Therefore, the golem was part of reality, since there was no country where there weren't tales of great kabbalists creating them. One of the most recent golems was known as the Golem of Drohitchin, created by the head of the Drohitchin rabbinical court, Rabbi David Yaffe. We know very little about Rabbi Yaffe beyond the above legend that is known among Drohitchin émigrés and in the Jewish Encyclopedia.

        As far as is known, Rabbi Yaffe was a descendant of Rabbi Mordechai Yaffe, the author of the book, Ba'al Halevushim, and he lived in approximately 1800. Rabbi David Yaffe was a kabbalist like his ancestor, R. Mordechai Yaffe, went a bit further, and became involved in practical kabbalah by creating a golem.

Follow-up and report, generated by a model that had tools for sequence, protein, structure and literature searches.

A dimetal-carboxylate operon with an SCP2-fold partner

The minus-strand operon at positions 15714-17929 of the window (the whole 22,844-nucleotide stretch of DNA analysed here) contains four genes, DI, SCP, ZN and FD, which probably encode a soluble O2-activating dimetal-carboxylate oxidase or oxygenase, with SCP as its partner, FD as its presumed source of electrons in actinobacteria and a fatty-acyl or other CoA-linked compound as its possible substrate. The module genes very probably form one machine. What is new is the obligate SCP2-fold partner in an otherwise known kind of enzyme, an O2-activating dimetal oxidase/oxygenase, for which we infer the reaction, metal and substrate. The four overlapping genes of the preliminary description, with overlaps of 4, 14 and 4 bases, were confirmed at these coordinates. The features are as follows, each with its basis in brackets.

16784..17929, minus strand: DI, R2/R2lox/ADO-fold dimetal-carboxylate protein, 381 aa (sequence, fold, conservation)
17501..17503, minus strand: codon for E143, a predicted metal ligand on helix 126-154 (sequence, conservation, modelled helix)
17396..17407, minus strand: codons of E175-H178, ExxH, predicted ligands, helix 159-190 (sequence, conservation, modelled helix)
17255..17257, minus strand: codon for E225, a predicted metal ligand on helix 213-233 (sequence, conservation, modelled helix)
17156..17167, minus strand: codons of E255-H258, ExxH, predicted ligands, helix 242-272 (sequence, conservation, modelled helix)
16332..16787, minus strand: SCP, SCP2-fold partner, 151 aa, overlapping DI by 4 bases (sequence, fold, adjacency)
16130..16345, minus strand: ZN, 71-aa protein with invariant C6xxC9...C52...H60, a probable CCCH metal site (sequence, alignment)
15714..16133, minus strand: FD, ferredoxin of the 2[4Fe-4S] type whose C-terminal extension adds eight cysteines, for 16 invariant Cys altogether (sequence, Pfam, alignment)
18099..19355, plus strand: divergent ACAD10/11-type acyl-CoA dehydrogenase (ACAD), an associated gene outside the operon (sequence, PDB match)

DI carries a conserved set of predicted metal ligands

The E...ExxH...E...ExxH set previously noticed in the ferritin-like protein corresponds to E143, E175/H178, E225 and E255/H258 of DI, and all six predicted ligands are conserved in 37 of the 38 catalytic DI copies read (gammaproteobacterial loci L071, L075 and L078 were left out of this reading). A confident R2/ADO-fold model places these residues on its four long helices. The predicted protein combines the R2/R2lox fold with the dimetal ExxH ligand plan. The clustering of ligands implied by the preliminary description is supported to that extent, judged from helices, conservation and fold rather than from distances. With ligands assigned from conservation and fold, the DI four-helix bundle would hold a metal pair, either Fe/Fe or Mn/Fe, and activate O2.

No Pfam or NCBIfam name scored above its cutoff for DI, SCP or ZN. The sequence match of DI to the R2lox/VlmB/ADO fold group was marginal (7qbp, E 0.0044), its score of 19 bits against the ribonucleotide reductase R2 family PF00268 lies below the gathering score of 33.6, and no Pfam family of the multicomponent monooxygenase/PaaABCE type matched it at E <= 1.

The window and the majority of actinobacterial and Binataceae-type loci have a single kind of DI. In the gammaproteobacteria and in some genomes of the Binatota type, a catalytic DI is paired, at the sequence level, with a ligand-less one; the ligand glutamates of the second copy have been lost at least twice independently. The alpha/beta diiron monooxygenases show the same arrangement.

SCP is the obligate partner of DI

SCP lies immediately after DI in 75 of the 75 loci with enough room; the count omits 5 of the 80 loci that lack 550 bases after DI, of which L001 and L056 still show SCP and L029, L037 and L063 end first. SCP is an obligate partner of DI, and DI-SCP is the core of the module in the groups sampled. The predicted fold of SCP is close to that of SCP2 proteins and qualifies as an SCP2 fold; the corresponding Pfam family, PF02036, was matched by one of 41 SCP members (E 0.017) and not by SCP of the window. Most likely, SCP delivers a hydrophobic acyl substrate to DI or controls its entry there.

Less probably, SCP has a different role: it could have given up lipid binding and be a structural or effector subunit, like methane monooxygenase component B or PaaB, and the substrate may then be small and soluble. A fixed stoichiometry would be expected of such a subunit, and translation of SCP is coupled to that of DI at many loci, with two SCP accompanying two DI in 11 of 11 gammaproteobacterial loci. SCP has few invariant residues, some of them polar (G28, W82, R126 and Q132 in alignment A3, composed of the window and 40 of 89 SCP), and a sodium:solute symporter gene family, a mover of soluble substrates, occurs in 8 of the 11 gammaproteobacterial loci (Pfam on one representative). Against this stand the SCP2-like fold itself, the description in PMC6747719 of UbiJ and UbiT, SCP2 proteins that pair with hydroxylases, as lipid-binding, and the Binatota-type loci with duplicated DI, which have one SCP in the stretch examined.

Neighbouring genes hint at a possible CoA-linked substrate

There are two versions of this golem legend: one is oral, and the other is in writing. The oral legend states that late every Friday afternoon, Rabbi David created a golem out of clay, which would bring water to the old synagogue and to the rabbi's house. At the end of the Sabbath, the rabbi would pronounce holy names in order to send away the golem.

        The written legend records that the golem was a type of shabbos-goy [a non-Jew who agrees to perform actions on the Sabbath that Jews are prohibited to perform] that during the winter Sabbaths the golem would heat ovens in Jewish homes, etc. He wasn't asked to do this on the Sabbath itself, but prior to the Sabbath, in accordance with Jewish law pertaining to asking non-Jews to perform tasks prohibited to Jews on the Sabbath.

        Due to a minor error that occurred when the golem was asked to perform a task that caused a fire that burned down the whole town.

        The story about the fire has a source: there is a tradition in the family of